Want more reasons to compost?


If you want more reasons to compost, you should talk to Myrna Soper.

Myrna Soper has been a member of the SalemRecycles committee for almost 2 years and a resident of Salem since 2013. Her enthusiasm for waste diversion, finding alternate uses for trash and recycling in order to decrease landfill tonnage, is easy to tell from her high wattage smile and exuberant stories about composting, Salem’s Butt Bin program, and her ability to reduce her trash to just one tiny bag every other week.    I had the pleasure of interviewing Marna at The Naumkeag Ordinary in March and learning more about her enthusiasm for composting and how she started.

Beth Melillo: How did you first start composting?

Myrna Soper: I first started composting because of the flower gardens I kept when I was living in Alabama in 1990.  The food waste wasn’t even the first thing that crossed my mind, but I wanted to get something for my flowers to grow in.  I like having my hands in the dirt and wanted to keep my plants healthy.  It wasn’t until after I’d been composting for a while that I thought, this just makes sense!  You can watch the stuff you’ve taken from the land go back into it.  It just makes sense, even the maggots that come along with compost.

BM: What was one of the first things you learned?

MS:  The first batch I made was the smelliest thing!  I had to learn that you need to mix leaves and yard waste in with any food in order to make your own compost. It wasn’t until 2008 when I ordered my first tumbler to mix the compost to help it decompose faster.  I thought, well, that was easy!   Of course you still have to screen it when you take it out if you have rubber bands in there from lobsters, or there are big chunks.  That can be a pain.

BM: What’s been your biggest challenge?

MS: I get that it can be time consuming, I understand.  If you do it at home, you might need to turn and screen it in your backyard, which takes time.  Even if you use Salem’s composting program you need to clean out your containers.  I’ve found a lot of tricks for keeping things clean though, and I believe this is worth it.  I have a passion for the earth and the finished product smells so good, that’s what keeps me going.

BM: You’ve lived a lot of places, what stands out in terms of composting?

MS: Of course what really stands out is the lobster party my husband and I had together where we had invited a whole crew of people.    We just kept throwing the lobster shells into the compost we had in this big barrel, and the corn cobs, and all the other food and in the end there was hardly anything left over to throw out.  I thought, wow, composting really makes a difference in what we throw into the trash.  I was totally committed and onboard after that.

BM: Anything else?

MS:  When I first started composting I only did it in warm climates, so you could do it year round, and it was easy.  My foray into composting was always in year round warm climates. When I moved to the northeast I was shocked that my compost froze in the winter and it made a huge challenge.  When Salem announced they were starting a curbside pick-up program I was beyond ecstatic.   I think I must have been the first to sign up.  Now composting in freezing weather was a breeze.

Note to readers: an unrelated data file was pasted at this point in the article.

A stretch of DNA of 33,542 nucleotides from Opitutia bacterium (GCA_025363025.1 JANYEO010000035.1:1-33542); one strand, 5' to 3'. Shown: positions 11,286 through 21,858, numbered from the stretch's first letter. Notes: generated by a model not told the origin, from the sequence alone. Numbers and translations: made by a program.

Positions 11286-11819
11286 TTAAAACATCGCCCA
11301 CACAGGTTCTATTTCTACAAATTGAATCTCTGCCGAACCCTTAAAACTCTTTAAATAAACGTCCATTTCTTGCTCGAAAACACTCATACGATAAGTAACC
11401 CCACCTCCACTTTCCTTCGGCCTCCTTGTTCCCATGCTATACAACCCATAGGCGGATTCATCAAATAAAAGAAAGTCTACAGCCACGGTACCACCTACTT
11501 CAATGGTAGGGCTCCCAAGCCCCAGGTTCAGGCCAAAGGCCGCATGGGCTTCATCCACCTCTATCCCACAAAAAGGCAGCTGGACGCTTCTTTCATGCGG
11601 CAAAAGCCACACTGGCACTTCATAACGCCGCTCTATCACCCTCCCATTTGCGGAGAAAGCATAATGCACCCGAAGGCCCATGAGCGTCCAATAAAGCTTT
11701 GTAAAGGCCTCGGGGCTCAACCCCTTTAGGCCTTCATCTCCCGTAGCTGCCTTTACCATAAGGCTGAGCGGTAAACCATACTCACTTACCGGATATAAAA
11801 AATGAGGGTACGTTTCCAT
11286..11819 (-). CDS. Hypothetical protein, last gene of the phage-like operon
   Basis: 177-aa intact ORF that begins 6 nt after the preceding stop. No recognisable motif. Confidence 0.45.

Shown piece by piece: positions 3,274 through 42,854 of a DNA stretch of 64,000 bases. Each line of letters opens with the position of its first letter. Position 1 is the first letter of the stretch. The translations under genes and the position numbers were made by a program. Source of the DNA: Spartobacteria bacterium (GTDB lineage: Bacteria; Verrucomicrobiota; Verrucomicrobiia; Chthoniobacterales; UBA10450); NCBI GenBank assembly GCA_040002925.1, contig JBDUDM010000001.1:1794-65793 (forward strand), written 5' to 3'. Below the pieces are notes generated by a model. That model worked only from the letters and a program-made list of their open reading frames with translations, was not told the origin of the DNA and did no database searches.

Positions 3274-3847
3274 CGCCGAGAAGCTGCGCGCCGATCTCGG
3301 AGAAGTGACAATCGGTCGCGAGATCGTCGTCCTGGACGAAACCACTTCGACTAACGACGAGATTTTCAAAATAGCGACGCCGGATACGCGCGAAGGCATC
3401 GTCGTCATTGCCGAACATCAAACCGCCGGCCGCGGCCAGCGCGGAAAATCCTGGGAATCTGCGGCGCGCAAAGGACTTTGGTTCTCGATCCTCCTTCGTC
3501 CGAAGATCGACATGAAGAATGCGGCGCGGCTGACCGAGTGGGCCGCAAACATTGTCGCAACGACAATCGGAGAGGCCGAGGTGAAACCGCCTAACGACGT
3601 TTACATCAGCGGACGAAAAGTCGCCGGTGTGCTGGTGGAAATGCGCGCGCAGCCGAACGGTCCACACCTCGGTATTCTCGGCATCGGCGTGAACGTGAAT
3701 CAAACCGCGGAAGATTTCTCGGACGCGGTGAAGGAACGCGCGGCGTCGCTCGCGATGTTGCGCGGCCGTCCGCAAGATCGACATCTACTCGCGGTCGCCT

BM: I first met you when we were handing out compost toters for Salem’s compost pilot program in April of 2014.  Tell me a little bit about volunteering  with SalemRecycles and the composting program.


MS: Yeah! We handed out so many toters over the course of a couple months!  Over the last couple years I’ve been excited to keep educating Salem residents about the compost program.  As you know we gave everyone a toter [who signed up for the 2 year pilot program] and then Conor, from Black Earth Compost, comes on Thursday to pick up the compost and takes it to his farm.   I’ve been to a lot of SalemRecycles events telling people about the composting program, but especially at the Farmer’s Market.  I have really enjoyed talking with people face-to-face at the Salem Farmer’s Market about compost, why it’s important to participate, and what the benefits of the program are.

BM:  You had a chance to visit Black Earth Compost’s farm operations, can you tell me about that?

CompostBlackEarthMS:  I visited Black Earth’s two locations in November of 2015.  It surprised me that the tour we went on had a lot of people and that the piles were so large.  Black Earth compost explained their process and how they turned the compost.  They can really take almost anything up there, even meat scraps and tissues, even things you certainly can’t compost in your backyard pile.

BM: Any last remarks?

MS: Composting makes a difference!  Being able to give back to the earth what you take out of it is exciting and you really are helping out to reduce waste and create clean dirt, after all so much food that gets bought also gets thrown out, and I have also heard that food waste in the waste stream creates methane gas in the atmosphere, which is even worse than carbon dioxide.   Putting it down the garbage disposal means the cost of processing it, plus it just disappears – all those valuable nutrients “down the drain” !

Salem residents can still participate in the composting program. The 2 year pilot ended on 4/8/2016: however, there is still the opportunity to sign up by emailing or calling Conor Miller, or Black Earth Compost at consmiller@gmail.com.  Phone: (987) 290 –4610

For more food waste facts visit: End Food Waste Now

Written by Beth Melillo, SalemRecycles